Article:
The tension between reducing the fiscal deficit in order to stabilise the economy and “putting money in people’s pockets” in order to win the election was presented formally by Fernández de Kirchner back in December. In an end-of-year rally alongside the president, Buenos Aires Province Governor Axel Kicillof and number two Verónica Magario, son and deputy bloc leader Máximo Kirchner, and Lower House Speaker Sergio Massa, CFK told her followers it was necessary to “align” wages, pensions, utility bills and prices. It was taken as a message to Guzmán — and Alberto — that austerity wouldn’t be tolerated in an electoral year. A few months before, the Economy Ministry had passed a budget that included a provision to keep energy subsidies as a percentage of GDP steady, meaning a real contraction after accounting for inflation. Guzmán’s Energy Secretary, Darío Martínez, had explained utility prices wouldn’t remain frozen, but would move in tandem with inflation, and would be differentiated according to the income level of the end-user. Guzmán was estimating inflation, and the pace of devaluation, to be in the order of 29 percent. Reducing energy subsidies is a sine qua non condition to stabilise the Argentine macroeconomic situation, as they are one of the prime cases of the runaway fiscal deficits which have led to excess money printing, feeding back into dollar-demand and the generation of a vicious cycle that has to be broken. Other conditions include the restructuring of the sovereign debt with private creditors and the International Monetary Fund, and an increase in Argentina’s competitiveness, in order to increase production and exports.

But Cristina said no. From within the ranks of Kirchnerite think-tank the message was clear: utility price hikes could be nowhere near the 20 to 30 percent range Guzmán envisioned unless the Frente de Todos wanted to face Mauricio Macri’s electoral fate. Increases would be capped at around eight or nine percent. Inflation was caused by private-sector speculation, so the recipe was to impose restrictions and controls, freezing prices and cutting imports and exports in order to “decouple” local and international markets. The Kicillof playbook, which would be executed by Commerce Secretary Paula Español. Energy prices would be controlled by Basualdo on the one hand and Federico Bernal at the Enargas natural gas regulator on the other.

Guzmán has already been blocked in his attempt to secure a deal with the IMF. “Wait until after the election,” he was told, given the politically unpalatable IMF programme would include some level of belt-tightening that part of the Frente de Todos would not tolerate. He had also been locked in a battle with Central Bank chief Miguel Ángel Pesce until late last year when, after a massive run on the peso, he was given the keys to Argentina’s monetary policy. Now, he’s being told he can’t reduce energy subsidies and work on deficit reduction, while being snuffed by a third-line official who responds directly to Fernández de Kirchner.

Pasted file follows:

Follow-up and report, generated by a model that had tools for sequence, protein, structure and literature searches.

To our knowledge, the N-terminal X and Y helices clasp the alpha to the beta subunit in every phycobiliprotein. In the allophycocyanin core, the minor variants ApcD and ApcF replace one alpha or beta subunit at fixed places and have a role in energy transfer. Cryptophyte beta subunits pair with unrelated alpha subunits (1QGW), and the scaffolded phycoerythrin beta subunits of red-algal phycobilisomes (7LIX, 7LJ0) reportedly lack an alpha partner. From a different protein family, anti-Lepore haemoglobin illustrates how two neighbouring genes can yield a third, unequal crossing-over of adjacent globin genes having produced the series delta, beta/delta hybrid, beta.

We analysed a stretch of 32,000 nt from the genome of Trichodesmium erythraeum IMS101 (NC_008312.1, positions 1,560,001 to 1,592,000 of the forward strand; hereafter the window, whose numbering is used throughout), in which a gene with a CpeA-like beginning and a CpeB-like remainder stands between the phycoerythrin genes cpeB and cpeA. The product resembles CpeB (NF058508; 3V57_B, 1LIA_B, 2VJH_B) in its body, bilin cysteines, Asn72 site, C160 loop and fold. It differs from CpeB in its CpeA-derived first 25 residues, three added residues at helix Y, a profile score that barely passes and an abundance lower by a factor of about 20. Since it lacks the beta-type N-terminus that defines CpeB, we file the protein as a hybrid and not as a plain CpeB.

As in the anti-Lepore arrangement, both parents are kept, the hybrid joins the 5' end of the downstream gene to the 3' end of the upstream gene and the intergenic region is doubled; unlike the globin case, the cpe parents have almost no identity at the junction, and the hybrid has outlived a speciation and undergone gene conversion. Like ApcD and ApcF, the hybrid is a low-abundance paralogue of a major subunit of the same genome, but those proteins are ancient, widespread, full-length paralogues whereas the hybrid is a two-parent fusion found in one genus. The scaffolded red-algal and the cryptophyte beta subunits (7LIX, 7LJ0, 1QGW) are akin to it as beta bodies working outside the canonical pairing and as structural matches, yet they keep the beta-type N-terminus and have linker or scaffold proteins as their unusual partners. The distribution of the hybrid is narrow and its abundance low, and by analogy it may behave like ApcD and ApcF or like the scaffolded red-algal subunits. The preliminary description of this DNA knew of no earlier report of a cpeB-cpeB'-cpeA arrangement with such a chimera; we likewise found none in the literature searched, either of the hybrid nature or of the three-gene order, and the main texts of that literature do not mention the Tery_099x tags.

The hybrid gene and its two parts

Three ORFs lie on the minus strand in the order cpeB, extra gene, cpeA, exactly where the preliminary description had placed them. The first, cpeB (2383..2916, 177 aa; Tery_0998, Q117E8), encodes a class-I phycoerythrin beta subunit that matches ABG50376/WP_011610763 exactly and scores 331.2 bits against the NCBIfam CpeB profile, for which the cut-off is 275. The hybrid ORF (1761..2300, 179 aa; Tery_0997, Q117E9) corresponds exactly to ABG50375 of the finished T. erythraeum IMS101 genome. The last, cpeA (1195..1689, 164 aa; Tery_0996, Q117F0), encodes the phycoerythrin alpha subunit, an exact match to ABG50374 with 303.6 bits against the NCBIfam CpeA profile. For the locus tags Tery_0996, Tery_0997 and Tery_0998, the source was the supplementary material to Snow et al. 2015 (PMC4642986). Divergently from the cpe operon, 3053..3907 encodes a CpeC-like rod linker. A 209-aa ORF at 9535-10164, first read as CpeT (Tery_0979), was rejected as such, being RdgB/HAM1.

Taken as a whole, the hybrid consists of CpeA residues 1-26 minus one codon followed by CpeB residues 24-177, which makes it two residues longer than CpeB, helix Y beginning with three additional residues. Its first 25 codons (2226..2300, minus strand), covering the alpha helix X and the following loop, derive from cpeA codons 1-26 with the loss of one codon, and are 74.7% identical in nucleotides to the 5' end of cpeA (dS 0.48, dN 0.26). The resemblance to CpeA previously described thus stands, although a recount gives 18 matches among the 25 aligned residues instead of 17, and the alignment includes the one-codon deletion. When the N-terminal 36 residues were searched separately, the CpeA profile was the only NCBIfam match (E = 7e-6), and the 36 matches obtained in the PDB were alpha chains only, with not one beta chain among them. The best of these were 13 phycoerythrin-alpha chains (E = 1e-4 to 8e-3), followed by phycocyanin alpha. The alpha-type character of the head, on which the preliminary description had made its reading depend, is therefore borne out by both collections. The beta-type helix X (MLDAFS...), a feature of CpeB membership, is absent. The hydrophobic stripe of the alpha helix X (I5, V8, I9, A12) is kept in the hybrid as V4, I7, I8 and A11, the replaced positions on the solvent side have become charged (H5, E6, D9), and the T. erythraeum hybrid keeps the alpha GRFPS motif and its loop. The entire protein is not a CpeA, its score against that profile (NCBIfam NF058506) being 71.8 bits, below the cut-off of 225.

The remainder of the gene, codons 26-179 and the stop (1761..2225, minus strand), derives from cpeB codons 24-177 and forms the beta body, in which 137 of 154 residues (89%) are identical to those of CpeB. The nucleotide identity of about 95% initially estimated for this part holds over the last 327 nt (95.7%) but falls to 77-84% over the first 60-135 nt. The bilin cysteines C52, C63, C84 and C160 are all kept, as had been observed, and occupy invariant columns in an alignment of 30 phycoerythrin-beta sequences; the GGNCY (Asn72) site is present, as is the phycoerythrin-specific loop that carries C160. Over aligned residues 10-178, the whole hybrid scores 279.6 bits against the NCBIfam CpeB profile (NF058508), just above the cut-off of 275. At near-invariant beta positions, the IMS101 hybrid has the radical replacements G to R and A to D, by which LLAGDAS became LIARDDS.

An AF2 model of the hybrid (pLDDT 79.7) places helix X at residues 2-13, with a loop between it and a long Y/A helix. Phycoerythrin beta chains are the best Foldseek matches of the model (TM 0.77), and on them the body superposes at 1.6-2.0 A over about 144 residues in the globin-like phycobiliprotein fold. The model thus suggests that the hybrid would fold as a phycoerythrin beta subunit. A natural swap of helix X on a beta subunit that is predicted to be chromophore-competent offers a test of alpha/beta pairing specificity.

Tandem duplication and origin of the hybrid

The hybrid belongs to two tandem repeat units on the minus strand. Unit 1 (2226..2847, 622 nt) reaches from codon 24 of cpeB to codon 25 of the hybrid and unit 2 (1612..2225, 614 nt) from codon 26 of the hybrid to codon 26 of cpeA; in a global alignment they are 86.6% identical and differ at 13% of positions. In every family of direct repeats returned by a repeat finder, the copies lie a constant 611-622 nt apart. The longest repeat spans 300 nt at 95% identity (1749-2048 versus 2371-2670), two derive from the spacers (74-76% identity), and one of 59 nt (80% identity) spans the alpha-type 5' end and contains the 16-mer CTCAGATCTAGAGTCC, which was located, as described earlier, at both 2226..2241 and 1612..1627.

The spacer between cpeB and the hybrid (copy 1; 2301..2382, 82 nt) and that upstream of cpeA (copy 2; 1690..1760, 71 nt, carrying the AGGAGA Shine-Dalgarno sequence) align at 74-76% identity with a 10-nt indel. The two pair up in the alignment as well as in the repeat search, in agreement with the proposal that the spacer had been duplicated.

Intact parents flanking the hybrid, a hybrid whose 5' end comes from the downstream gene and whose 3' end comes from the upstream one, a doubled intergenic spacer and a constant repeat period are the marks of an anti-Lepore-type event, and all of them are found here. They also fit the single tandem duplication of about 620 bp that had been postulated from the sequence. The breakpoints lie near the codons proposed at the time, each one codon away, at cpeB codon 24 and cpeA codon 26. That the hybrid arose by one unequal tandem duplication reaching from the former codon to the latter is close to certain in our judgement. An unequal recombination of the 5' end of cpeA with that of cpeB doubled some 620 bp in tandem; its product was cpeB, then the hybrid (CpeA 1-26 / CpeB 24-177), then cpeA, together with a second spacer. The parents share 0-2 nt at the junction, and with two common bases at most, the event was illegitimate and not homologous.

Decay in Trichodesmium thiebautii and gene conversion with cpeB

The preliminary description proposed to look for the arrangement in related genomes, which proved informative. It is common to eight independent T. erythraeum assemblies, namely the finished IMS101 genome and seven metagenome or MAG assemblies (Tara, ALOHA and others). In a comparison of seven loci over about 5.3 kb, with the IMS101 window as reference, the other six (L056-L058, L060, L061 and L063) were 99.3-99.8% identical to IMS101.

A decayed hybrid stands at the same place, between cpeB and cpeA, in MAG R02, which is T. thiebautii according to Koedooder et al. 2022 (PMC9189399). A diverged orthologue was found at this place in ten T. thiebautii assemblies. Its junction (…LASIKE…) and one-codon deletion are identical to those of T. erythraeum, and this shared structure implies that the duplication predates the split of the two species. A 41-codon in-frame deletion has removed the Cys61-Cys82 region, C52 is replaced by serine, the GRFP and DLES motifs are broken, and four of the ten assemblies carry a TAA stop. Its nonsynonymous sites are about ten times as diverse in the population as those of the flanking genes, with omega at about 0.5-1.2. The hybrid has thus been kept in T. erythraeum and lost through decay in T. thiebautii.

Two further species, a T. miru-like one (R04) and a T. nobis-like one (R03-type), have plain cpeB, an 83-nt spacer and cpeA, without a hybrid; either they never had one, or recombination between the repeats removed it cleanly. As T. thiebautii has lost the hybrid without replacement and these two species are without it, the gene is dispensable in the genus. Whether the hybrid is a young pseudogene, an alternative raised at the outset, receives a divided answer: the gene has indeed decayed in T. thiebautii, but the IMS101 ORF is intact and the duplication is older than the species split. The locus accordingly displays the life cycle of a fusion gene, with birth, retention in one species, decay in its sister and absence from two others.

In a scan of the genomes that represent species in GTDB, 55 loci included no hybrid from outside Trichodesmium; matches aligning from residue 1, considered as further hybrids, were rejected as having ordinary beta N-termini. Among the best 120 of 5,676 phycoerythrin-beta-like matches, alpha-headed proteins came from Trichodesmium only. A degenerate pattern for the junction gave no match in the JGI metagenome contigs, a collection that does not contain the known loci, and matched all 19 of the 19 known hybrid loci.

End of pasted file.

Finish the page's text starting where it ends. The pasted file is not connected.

Only last year, Guzmán appeared to have won CFK’s favour after successfully restructuring the sovereign debt with private creditors. He advised her directly on several issues, having flown directly to El Calafate in Patagonia where the vice-president has a private residence. He received a standing ovation from the country’s major CEOs after laying out his economic plan, something few Peronist Cabinet members have ever received in Argentine history. He became the government official with the highest approval rating, despite being a soft-spoken introvert. That’s when the friendly fire began, forcing President Fernández to express his public support on more than one occasion. According to journalist Roberto García, writing in Perfil, one of Guzmán’s main adversaries is none other than Kicillof, Cristina’s protégé.

Whether it is sound economic policymaking or politics to raise energy prices in order to lower subsidies during a stagflation, a pandemic, and an electoral year is debatable. Yet, it’s not Guzmán’s authority that’s really at stake, but Alberto’s. Whether the president has the authority to choose his Cabinet and move forward with his intended plan has been called into question since the day he was fingerpicked to lead a pan-Peronist coalition. And ever since he began to radicalise his positions, his credibility, and public standing in opinion polls, has fallen aggressively.

Agustino Fontevecchia

Agustino Fontevecchia